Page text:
My colleague Katrina Munir-Asen and I were tasked by the T20 (think tank group of the G20 countries) to put together a policy brief for this year's G20 presidency on the future of high-skill migration. Central to our argument is that countries should focus on attracting people, especially in highly technical and innovative industries and … Continue reading T20 Argentina: Policy brief on high-skill migration
I published a new DIE-GDI Briefing Paper today on how digital tools can be used by donors, and refugees themselves, to manage and support safe resettlement processes. Feel free to share, and expect the German-language version in the next week or so!
I watched from a distance on Twitter as the World Bank hosted its annual data event. I would love to have attended - the participants were a pretty amazing collection of economists, data professionals and academics. This tweet seemed to resonate with a theme I've been focused on the last week or so: There is … Continue reading Where Are the Legislators (Who Ostensibly Pay for Data)?
I published a post yesterday about how administrative data is produced. In the end I claimed that data gathering is an inherently political process. Far from being comparable, scientifically standardized representations of general behavior, public data and statistics are imbued with all the vagaries and unique socio-administrative preferences of the country or locality that collects … Continue reading How is Public Data Produced (Part 2)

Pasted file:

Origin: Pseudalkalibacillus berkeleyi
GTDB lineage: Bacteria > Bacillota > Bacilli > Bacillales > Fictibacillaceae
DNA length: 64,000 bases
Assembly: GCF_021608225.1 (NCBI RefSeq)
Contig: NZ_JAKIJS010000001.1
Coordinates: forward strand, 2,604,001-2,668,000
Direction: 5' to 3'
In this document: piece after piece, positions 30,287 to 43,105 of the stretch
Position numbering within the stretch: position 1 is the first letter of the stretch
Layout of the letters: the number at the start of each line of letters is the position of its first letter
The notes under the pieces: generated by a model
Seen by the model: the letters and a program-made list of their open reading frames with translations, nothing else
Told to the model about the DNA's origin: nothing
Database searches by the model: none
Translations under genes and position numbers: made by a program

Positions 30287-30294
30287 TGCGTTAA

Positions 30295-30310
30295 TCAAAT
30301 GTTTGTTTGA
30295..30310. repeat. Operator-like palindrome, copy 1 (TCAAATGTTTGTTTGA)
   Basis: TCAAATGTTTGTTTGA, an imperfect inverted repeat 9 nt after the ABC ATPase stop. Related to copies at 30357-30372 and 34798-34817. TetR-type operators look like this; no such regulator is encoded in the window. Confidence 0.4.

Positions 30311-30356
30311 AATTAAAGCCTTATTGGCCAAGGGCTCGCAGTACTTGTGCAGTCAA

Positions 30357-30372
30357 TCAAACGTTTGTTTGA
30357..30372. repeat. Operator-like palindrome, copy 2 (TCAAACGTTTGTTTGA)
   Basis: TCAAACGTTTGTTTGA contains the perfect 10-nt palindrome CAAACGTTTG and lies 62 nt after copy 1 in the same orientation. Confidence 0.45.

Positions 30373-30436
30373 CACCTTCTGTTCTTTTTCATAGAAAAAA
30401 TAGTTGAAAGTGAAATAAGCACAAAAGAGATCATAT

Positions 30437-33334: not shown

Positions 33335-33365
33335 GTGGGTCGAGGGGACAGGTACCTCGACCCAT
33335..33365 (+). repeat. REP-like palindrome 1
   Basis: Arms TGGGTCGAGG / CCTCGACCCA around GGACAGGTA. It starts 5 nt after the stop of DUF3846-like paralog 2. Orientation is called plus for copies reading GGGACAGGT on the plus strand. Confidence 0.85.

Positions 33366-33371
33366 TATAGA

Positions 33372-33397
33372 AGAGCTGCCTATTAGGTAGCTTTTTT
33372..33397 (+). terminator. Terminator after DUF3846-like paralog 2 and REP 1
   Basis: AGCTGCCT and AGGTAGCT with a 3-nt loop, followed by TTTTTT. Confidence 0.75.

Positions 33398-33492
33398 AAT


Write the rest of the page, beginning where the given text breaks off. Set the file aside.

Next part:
The 2016 Global Peace Index (GPI) launched recently. Along with its usual ranking of most to least peaceful countries it included a section analyzing the capacity for the global community to effectively measure progress in the Sustainable Development Goals (SDGs), specifically Goal 16, the peace goal. The GPI's analysis of statistical capacity (pp. 73-94) motivates a critical question: … Continue reading How Is Public Data Produced?